Transborder Art Activism and the U.S.-Mexico Border: Analyzing “Artscapes” as Forms of Resistance and Cultural Production in the Frame of Globalization

By Christina Aushana.

Published by The Social Sciences Collection

Format Price
Article: Print $US10.00
Article: Electronic $US5.00

This research attempts to adjudicate practices of contemporary artists in relation to the pervasive border politics and discourses which have emerged both before the 1990s and post-NAFTA. By looking at the ways in which contemporary art practices have intersected with an activist aesthetic over the last 40 years, one may begin to see how the physical landscape of the U.S. -Mexico border region and the border wall itself are engendered with dichotomous representations of people living within close proximity to it. Within the scope of this project, various artworks are analyzed and critiqued for their ability to enable new spaces for public discourse and to function as modes of resistance to hegemonic narratives about the border. By analyzing instances of transborder art activism through the flows of “artscapes”, this research looks closely at the work of artists like Guillermo Gómez-Peña, Rubén Ortiz-Torres, and Ricardo Dominguez. Additionally, by utilizing the notions of artscapes and hybridity, this discussion will navigate the flows of transborder art activism by looking at how four specific art collectives have, since the Chicano art movement, critiqued global cultural flows in relation to the U.S. -Mexico border that have transformed the political and sociocultural arena of public discourse. Though prior research has been conducted on how players like the mass media have been responsible for shaping public opinion pertaining to the border, this research suggests that artists and other cultural activists play a crucial role in critiquing deeply embedded narratives about nationality, gender, and class as they relate to the U.S. -Mexico border and the encompassing border region.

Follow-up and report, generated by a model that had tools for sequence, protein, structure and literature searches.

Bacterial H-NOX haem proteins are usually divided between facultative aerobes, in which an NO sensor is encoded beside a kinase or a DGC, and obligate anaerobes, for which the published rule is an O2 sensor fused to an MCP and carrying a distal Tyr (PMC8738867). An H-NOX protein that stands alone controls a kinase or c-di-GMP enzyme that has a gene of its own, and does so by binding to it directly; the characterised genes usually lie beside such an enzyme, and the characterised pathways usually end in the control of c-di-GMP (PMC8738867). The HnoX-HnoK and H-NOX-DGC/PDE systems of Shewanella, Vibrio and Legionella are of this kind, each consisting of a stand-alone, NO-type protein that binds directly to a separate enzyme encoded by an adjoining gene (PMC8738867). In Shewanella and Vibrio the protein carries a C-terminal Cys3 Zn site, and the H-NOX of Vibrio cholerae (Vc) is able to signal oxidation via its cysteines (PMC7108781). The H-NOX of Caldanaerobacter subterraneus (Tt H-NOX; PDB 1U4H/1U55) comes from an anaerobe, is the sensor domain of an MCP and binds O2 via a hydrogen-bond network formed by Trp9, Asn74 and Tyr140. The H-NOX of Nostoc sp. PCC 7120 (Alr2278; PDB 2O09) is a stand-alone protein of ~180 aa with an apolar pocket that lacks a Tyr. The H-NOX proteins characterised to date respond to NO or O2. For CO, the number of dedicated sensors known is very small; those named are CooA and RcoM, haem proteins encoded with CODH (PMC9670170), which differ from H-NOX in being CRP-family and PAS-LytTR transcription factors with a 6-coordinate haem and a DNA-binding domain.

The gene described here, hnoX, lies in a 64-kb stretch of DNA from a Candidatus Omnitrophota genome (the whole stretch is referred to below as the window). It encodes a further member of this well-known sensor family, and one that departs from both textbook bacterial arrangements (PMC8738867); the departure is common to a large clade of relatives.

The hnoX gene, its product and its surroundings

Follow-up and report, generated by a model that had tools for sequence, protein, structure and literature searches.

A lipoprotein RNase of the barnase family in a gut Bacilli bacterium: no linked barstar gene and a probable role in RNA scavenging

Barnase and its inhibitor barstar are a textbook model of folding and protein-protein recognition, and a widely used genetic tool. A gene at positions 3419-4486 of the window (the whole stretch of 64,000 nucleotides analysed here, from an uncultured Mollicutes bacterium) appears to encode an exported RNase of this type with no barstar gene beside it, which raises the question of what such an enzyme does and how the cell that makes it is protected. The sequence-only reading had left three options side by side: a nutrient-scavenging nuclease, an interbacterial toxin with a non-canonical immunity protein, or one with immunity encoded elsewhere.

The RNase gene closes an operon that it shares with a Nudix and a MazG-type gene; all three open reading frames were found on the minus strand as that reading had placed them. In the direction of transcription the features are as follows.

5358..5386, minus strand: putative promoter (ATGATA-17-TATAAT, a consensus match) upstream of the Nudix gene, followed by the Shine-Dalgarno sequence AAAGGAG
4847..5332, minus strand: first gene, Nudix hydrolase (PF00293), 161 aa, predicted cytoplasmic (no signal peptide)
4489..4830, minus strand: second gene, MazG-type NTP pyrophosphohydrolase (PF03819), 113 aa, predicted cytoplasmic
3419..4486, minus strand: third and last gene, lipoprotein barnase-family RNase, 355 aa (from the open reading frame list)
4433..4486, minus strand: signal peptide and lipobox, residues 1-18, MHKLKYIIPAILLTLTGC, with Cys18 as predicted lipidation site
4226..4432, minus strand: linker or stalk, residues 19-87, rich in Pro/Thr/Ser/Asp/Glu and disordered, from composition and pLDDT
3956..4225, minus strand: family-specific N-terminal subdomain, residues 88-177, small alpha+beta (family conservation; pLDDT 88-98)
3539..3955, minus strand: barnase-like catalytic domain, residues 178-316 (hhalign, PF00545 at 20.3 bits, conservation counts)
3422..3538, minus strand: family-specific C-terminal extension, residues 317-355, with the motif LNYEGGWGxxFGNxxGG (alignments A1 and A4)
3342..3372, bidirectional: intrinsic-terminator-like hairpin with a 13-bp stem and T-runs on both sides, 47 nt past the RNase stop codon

Keywords: Hybridity, Activism, Immigration, Transborder, Globalization, Flows, Framing, Imperialism, Xenophobia

International Journal of Interdisciplinary Social Sciences, Volume 6, Issue 7, pp.127-142. Article: Print (Spiral Bound). Article: Electronic (PDF File; 1.143MB).

Christina Aushana

Graduate, University of California, San Diego, California, USA

Though my undergraduate education has been shared between the visual arts and communication studies, the penultimate fusion of my passion for both contemporary art practice and communication theory marked the moment that my research interests became clear to me. As a contemporary artist myself, I have gained both academic and cultural access to the various channels by which I have been able to study transborder art activism in relation to border politics. The power dynamics at work at the site of the border region have shaped how I confront issues of migration and have also factored into my personal experiences as a child of two immigrants as well. I have also begun to explore the issues engendered in my research through a more grassroots, local channel. A colleague and I have started a non-profit organization which aims to support community development and encourage social awareness through art for teens in the City Heights community of San Diego entitled, Rethink Art: Afterschool Art Activism. When I am not pursuing my research interests, I fulfill my duties as marketing director for, a 501(c)3 non-profit organization specializing in sustainable travel initiatives and partnerships with local projects worldwide.


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